# Beyond algorithmic equivalence: algorithmic noise

There is a ‘no-free-lunch’ theorem in value learning; without assuming anything about an agent’s rationality, you can’t deduce anything about its reward, and vice versa.

Here I’ll investigate whether you can deduce more if you start looking into the structure of the algorithm.

## Algorithm (in)equivalence

To do this, we’ll be violating the principle of algorithmic equivalence: that two algorithms with the same input-output maps should be considered the same algorithm. Here we’ll instead be looking inside the algorithm, imagining that we have either the code, a box diagram, an FMRI scan of a brain, or something analogous.

To illustrate the idea, I’ll consider a very simple model of the anchoring bias. An agent (the “**H**uman”) is given an object (in the original experiment, this could be wine, book, chocolates, keyboard, or trackball), an random integer , and is asked to output how much they would pay for it.

They will output , for some valuation subroutine that is independent of . This gives a quarter weight to the anchor .

Assume that tracks three facts about : the person’s need for , the emotional valence the person feels at seeing it, and a comparison with objects with similar features. Call these three subroutines *Need*, *Emo*, and *Sim*. For simplicity, we’ll assume each subroutine outputs a single number, that then gets averaged.

Now consider four models of as follows, with arrows showing the input-output flows:

I’d argue that a) and b) imply that the anchoring bias is a bias, c) is neutral, and d) implies (at least weakly) that the anchoring bias is not a bias.

How so? In a) and b), maps straight into *Sim* and *Need*. Since is random, it has no bearing on how much is needed, and on how valuable similar objects are. Therefore, it makes sense to see its contribution as noise or error.

In d), on the other hand, it is superficially plausible that a recently heard random input could have some emotional effect (if was not a number but a scream, we’d expect it to have an emotional impact). So if we wanted to argue that, actually, the anchoring bias is not a bias but that people actually derive pleasure from outputting numbers that are close to numbers they heard recently, then going into *Emo* would be the right place for it to go. Setup c) is not informative either way.

## Symbols

There’s something very GOFAI about the setup above, with labelled nodes with definite functionality. You certainly wouldn’t want the conclusions to change if, for instance, I exchanged the labels of *Emo* and *Sim*!

What I’m imagining here is that a structural analysis of finds this decomposition as a natural one, and then the labels and functionality of the different modules are established by seeing what they do in other circumstances (“*Sim* always accesses memories of similar objects...”).

People have divided parts of the brain into functional modules, so this is not a completely vacuous approach. Indeed, it most resembles “symbol grounding” in reverse: we know the meaning of the various objects in the world, we know what does, and we want to find the corresponding symbols within it.

## Normative assumptions

The no-free-lunch result still applies in this setting; all that’s happen is that we’ve replaced the set of planners (which were maps from reward functions to policies), with the set of algorithms (that map reward functions to policies). Indeed is just a set of equivalence classes in , with equivalence between algorithms defined by algorithmic equivalence, and the no-free-lunch results still apply.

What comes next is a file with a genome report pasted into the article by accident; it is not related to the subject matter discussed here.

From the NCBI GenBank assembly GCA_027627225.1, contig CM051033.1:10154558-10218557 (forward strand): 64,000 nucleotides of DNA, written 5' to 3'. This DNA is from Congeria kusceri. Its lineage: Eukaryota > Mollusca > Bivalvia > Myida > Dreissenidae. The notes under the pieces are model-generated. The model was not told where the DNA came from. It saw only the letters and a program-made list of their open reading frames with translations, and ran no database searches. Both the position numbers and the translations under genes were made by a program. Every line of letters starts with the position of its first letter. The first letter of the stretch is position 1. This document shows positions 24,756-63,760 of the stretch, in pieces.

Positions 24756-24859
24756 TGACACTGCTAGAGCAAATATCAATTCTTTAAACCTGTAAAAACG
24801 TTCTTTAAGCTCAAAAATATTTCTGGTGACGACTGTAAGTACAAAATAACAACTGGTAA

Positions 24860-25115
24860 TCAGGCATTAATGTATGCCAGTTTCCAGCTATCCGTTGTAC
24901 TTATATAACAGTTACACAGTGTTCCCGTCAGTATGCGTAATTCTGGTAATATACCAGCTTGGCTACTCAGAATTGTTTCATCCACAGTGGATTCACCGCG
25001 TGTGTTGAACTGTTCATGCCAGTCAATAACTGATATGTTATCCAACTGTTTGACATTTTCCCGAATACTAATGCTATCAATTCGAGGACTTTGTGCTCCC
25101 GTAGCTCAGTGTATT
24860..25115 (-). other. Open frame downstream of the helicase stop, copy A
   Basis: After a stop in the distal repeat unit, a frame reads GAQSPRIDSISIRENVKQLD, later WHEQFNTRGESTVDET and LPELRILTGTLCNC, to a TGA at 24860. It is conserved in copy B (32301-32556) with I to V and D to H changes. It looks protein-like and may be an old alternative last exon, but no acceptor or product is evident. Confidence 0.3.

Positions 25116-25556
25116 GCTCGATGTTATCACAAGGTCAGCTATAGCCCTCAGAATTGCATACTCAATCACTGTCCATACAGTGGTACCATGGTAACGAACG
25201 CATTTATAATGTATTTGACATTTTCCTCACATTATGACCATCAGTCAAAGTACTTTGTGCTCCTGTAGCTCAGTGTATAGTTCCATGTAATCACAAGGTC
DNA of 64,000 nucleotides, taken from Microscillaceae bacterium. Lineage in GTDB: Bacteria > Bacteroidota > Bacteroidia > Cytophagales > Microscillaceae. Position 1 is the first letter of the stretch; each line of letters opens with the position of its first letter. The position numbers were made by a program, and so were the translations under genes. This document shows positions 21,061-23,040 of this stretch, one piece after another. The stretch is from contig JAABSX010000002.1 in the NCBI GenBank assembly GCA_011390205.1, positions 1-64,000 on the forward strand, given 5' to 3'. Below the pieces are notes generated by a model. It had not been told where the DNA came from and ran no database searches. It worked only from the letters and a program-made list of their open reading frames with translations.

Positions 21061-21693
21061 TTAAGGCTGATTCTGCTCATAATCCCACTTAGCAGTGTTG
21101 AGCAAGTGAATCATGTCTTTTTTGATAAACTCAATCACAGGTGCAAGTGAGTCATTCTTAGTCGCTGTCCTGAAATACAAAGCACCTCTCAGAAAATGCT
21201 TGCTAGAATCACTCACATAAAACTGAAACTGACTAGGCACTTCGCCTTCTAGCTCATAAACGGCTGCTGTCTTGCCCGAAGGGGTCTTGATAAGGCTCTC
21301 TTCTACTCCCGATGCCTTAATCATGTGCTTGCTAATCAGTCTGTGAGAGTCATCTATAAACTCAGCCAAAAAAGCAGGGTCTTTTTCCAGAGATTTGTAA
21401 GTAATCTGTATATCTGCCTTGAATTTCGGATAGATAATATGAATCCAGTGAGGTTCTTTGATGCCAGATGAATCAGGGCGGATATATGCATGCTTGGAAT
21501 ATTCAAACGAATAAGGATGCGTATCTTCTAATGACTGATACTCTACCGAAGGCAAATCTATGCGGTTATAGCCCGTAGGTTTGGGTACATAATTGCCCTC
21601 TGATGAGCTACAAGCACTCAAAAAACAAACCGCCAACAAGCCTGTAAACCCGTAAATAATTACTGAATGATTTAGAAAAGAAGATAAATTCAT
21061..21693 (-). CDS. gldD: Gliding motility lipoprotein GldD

The above approach does not absolve us from the necessity of making normative assumptions. But hopefully these will be relatively light ones. To make this fully rigorous, we can come up with a definition which decomposes any algorithm into modules, identifies noise such as in *Sim* and *Need*, and then trims that out (by which we mean, identifies noise with the planner, not the reward).

It’s still philosophically unsatisfactory, though—what are the principled reasons for doing so, apart from the fact that it gives the right answer in this one case? See my next post, where we explore a bit more of what can be done with the internal structure of algorithms: the algorithm will start to model itself.

It seems like in practice this kind of internal algorithmic inequivalence is always detectable. That is, you could always figure out for a given human just by feeding the black box different inputs and outputs which of the four possibilities is occurring, and that they would diverge in meaningful behavioral ways in the appropriate circumstances.

It also seems like the reason I have intuitions that those four cases are “different” is actually because I expect them to result in different outside-black-box behaviors when you vary inputs. Is there a concrete example where internal structural difference cannot be detected outside the box? It’s not obvious to me that I would care about such a difference.

It’s detectable because the algorithms are clean and simple as laid out here. Make it a bit more messy, add a few almost-irrelevant cross connections, and it becomes a lot harder.

In theory, of course, you could run an entire world self-contained inside an algorithm, and algorithmic equivalence would argue that it is therefore irrelevant.

And in practice, what I’m aiming for is use “human behaviour + brain structure + FMRI outputs” to get more than just “human behaviour”. It might be that those are equivalent in the limit of a super AI that can analyses every counterfactual universe, yet different in practice for real AIs.

Is this any different from just saying that rationality model is the entire graph (the agent will maximize H), and the true utility function is Emo?

?

No, that doesn’t seem right. The way I set it up, Emo corresponds to short term feelings.